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Flawed four set to do battle

Iowa center Adam Woodbury blocks a shot by Stony Brook  forward Jameel Warney during an NIT game last Friday. The Hawkeyes meet Maryland in a semifinal game today.
Iowa center Adam Woodbury blocks a shot by Stony Brook forward Jameel Warney during an NIT game last Friday. The Hawkeyes meet Maryland in a semifinal game today.

NEW YORK – One of the National Invitation Tournament semifinals set for Tuesday night is a rematch. The other one is a preview – of a future conference rivalry.

Maryland faces future Big Ten foe Iowa in the second semifinal tonight, after what should be an entertaining, up-tempo matchup between Baylor and BYU, two of the nation's better offenses.

The Cougars visited the Bears 3 months ago, and it didn't go very well for them. But this time the teams will meet on neutral hardwood at Madison Square Garden in the 76th NIT.

"We're not so excited to play Baylor," BYU coach Dave Rose said. "We played Baylor in December, and they handled us pretty well."

The Cougars are hoping their second trip to New York this season goes better than the first one did. They had a pair of double-digit losses in November at the Barclays Center in Brooklyn.

Baylor leads the country with more than 93 points per game, while BYU is fourth with 86.

But there's almost never an NIT team that hasn't been overmatched at least a couple times during the season, otherwise they'd have made the NCAA Tournament. Even so, 6 weeks ago, Maryland coach Mark Turgeon would have considered making Manhattan to be a bridge too far.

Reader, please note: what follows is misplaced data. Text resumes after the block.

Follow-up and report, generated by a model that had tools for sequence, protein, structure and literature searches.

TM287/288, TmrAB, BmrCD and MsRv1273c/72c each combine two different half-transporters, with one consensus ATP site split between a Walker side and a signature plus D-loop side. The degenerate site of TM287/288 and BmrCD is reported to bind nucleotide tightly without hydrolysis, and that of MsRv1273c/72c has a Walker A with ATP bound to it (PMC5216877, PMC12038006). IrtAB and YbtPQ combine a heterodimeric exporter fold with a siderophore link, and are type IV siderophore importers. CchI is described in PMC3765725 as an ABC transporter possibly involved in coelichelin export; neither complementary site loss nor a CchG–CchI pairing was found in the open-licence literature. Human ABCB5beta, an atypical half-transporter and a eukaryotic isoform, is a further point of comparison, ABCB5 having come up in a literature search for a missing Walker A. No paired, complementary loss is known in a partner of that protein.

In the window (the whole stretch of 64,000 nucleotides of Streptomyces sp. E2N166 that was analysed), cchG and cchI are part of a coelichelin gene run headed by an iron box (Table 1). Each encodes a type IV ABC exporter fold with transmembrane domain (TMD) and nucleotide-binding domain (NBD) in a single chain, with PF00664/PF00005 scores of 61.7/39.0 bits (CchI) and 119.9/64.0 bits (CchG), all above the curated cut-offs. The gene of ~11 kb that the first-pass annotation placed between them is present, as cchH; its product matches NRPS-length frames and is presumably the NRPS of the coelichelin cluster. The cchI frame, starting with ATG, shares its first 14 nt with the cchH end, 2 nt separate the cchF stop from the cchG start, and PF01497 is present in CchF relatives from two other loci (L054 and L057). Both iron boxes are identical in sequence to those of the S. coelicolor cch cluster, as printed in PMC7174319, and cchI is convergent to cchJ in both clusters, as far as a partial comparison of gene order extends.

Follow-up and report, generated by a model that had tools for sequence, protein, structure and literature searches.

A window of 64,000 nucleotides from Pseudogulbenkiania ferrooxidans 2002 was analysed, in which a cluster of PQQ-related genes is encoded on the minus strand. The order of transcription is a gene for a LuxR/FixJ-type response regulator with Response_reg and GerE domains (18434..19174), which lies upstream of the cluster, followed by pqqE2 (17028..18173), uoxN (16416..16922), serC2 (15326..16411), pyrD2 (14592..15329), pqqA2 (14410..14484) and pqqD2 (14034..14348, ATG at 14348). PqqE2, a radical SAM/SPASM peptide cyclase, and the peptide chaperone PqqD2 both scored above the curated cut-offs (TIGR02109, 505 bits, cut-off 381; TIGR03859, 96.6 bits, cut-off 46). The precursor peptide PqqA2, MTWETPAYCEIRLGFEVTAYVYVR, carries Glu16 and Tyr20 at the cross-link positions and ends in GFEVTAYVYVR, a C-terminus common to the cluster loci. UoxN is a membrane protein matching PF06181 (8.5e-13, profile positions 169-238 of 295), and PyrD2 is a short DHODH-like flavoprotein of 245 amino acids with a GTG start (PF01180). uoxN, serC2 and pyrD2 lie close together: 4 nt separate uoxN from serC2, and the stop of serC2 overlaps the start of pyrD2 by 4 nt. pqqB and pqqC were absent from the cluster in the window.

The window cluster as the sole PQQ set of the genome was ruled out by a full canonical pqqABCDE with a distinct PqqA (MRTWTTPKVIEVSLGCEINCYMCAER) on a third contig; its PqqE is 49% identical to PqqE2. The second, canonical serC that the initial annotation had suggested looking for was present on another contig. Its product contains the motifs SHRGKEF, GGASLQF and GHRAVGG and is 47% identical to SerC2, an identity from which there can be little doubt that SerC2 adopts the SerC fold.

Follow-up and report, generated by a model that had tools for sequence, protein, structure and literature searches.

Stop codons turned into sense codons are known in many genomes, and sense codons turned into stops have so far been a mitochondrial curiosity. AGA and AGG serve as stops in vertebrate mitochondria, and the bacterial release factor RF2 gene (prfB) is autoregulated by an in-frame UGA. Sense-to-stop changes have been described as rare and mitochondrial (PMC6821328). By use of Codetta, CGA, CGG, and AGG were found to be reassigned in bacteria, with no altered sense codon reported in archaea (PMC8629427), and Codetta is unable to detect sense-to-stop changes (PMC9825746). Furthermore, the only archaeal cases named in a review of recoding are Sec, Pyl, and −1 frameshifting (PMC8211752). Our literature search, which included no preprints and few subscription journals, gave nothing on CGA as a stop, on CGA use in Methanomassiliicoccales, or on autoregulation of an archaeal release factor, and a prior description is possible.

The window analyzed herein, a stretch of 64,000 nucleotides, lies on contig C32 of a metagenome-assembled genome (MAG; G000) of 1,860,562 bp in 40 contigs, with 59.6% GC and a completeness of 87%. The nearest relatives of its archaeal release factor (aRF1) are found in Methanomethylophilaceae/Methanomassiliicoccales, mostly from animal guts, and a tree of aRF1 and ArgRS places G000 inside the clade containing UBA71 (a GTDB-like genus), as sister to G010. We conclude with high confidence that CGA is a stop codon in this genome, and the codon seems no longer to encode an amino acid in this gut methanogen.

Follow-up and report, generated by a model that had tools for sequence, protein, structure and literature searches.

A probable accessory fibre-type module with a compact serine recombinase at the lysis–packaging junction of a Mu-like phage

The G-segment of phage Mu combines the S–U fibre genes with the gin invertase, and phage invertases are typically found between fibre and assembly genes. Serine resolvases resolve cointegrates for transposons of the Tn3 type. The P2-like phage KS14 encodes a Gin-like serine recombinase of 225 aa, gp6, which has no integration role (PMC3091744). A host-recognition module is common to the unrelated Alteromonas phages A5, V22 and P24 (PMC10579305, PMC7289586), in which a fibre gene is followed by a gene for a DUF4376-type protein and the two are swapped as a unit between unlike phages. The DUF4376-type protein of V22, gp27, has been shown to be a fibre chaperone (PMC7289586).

"About mid-February, I didn't know if we were ever going to figure it out," Turgeon said. "Hit rock bottom at Georgia Tech and since then our kids have been great."

That Feb. 27 loss in Atlanta dropped Maryland to 1-6 in the ACC. That hurt their NCAA Tournament chances, but it didn't damage the Terrapins as a team too badly. Since then they've won six of nine, including their second win of the season over Duke, in the ACC tournament.

Then they reeled off wins over Niagara, Denver and at Alabama to reach the NIT's final four.

"I've got a lot of respect for these guys and this program and what they've done," Turgeon said. ""We feel like we're playing our best basketball of the season here late and we have a great team. Fun team to coach, fun team to be around. "

The Hawkeyes have been going full throttle for even longer. They've won 10 of their last 13 since a double-overtime loss at Wisconsin in early February. That strong finish wasn't enough to overcome losing seven of their first nine conference games in the brutal Big Ten, two of which were in overtime.

"We played teams well on the road," Iowa coach Fran McCaffery said. "It seemed like every time we got in a game like that, somebody made a 3 with 10 seconds to go."

Then the Hawkeyes gave up a 13-point lead on Michigan State in the conference tournament, losing 59-56 in the quarterfinals. They've rebounded nicely with wins over Indiana State and Stony Brook at home, then finally got the tough road win they've sought all season at Virginia, where they ended the Cavaliers' 19-game winning streak in Charlottesville.

But that's what the final four of the NIT is all about – flawed teams fixing themselves, and redeeming an imperfect season with a championship run. Even if it's not the big one everyone wants.

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